Thanks to Pranav for suggesting this mystery big cat this week, the marozi!
A young lioness who still has some of her cub spots:
Subadult lions who still have a lot of cub spots:
The skin of an animal supposedly killed in 1931 and said to be a marozi:
Two photos of a “leopon,” a lion-leopard hybrid bred in captivity in a Japanese zoo:
Welcome to Strange Animals Podcast. I’m your host, Kate Shaw.
This week we’re going to learn about a mystery animal suggested by Pranav. It’s the marozi, a big cat from the mountains of Kenya.
Kenya is in east Africa, and humans have lived in what is now Kenya since humans existed. Because of this, usually when we talk about Kenya or east Africa, we’re talking about hominins, but today we’re talking about big cats.
Kenya is home to a lot of animals you think of when someone mentions the animals of Africa, like elephants and giraffes, and it’s also home to three big cats: lions, leopards, and cheetahs. The lion is generally a tawny brown color although different individuals and populations can be various shades of brown or gray. A lion cub is born with dark spots, and as it grows the spots fade. Sometimes a young adult lion will still have some spots, especially on its legs and belly, but in general an adult lion has no spots at all. In comparison, both the leopard and the cheetah are famous for their spots.
The lion prefers to live in savannas and open woodlands. These days it’s only found in a few parts of India, along with various places in sub-Saharan Africa. This just means south of the Sahara desert. In the past, though, the lion had a much larger range. It lived throughout most of Africa, the Middle East, southern Asia, and even southern Europe. Overhunting drove it to extinction in many parts of its historic range, which is called extirpation. I’ve used the term before but it specifically means that an animal has been driven to extinction in one area where it once lived, but it isn’t extinct in other areas. Some subspecies of lion have gone extinct, and the lions who remain are vulnerable to habitat loss, poaching, and many other factors. Just because lions are common in zoos doesn’t mean lions in the wild are doing fine.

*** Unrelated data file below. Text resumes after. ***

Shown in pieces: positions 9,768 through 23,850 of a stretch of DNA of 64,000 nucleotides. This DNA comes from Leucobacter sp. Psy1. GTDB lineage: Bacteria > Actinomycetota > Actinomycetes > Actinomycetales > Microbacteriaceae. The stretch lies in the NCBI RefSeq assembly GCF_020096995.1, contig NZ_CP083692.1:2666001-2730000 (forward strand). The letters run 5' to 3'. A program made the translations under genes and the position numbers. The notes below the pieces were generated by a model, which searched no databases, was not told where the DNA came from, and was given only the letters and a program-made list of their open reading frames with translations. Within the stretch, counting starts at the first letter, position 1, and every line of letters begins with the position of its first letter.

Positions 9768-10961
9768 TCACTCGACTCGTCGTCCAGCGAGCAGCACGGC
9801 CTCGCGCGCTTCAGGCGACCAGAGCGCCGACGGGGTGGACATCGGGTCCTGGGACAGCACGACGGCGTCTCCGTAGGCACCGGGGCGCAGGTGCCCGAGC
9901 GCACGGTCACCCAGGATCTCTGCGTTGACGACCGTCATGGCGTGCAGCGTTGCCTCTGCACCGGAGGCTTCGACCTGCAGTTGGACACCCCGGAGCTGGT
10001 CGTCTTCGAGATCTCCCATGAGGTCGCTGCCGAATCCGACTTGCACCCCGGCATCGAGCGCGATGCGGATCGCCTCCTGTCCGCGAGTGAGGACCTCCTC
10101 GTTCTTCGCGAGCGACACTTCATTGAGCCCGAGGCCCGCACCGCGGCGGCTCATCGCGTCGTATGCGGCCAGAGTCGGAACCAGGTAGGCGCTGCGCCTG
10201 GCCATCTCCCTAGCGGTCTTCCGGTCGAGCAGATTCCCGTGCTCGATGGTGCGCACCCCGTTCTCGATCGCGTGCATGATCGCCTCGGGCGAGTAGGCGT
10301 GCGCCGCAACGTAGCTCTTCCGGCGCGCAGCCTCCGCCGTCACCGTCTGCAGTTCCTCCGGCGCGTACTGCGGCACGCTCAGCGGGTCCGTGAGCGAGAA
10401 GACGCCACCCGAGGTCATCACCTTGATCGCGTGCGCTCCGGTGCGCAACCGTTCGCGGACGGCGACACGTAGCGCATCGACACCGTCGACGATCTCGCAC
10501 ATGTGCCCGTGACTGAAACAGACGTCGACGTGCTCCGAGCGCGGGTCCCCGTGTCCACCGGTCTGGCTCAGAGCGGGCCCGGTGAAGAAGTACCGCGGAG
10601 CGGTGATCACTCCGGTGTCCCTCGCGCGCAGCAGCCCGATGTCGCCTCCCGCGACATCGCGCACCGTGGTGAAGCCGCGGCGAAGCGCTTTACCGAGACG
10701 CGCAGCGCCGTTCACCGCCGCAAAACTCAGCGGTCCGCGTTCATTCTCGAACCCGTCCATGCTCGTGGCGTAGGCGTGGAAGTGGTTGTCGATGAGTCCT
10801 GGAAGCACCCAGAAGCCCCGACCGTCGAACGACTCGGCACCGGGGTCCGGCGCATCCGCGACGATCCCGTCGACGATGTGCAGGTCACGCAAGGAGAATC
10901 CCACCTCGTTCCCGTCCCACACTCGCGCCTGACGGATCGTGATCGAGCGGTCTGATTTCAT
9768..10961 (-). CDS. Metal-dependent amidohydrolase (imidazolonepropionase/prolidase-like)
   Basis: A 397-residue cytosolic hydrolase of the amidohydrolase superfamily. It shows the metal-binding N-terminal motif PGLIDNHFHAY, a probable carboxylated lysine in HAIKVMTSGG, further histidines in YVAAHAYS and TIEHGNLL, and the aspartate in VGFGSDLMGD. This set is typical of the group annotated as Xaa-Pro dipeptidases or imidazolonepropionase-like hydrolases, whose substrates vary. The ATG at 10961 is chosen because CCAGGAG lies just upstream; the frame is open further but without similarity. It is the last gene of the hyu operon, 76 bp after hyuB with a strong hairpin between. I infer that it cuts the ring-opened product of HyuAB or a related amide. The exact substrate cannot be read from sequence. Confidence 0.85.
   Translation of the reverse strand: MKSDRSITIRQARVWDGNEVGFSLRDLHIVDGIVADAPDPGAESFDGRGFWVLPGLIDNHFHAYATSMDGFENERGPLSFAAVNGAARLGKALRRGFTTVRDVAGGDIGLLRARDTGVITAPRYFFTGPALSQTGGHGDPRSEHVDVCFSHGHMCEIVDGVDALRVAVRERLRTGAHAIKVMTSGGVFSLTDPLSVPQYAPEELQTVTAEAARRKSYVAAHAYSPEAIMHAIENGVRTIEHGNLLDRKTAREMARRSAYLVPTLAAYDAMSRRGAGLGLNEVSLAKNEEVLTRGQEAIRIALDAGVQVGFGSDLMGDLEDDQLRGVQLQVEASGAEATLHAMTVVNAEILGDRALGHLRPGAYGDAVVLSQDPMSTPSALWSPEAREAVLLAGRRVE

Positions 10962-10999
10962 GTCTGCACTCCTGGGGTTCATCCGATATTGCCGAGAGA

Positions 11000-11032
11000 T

The same is true of the cheetah, which has an even smaller range than the lion these days but which was once common throughout Africa and the Middle East along with a lot of southern Asia and Europe. We talked about the cheetah in episode 145. It’s actually not closely related to the lion or the leopard, and in fact genetic testing reveals that it’s most closely related to the puma of North America.
The leopard, on the other hand, is a very close relation to the lion. Both belong to the same genus, Panthera, which also includes tigers, jaguars, and snow leopards, but the lion and leopard are the closest cousins. While it’s also vulnerable to habitat loss, poaching, and other factors, it’s more widespread than the lion and cheetah. It lives throughout much of sub-Saharan Africa, Asia–especially India–and even parts of eastern Russia, and in the past it was even more widespread. It prefers forests where its spots help it blend in with dappled sun and shade.
So, the lion, the leopard, and the cheetah all live in Kenya, but there’s another big cat that’s supposed to live there too. It’s called the marozi, also sometimes called the spotted lion.
Stories of lions that have spots like a leopard go back for centuries among the local people. The spotted lion is supposed to be small and the male either has no mane or only a small one. It’s supposed to live in the mountains and is solitary instead of living in family groups like ordinary lions. In fact, “marozi” supposedly means “solitary lion” in the local language. Instead of living in open grasslands, it lives in thick forest where a spotted coat and smaller body size would be useful, allowing it to maneuver through the trees more easily while not being seen.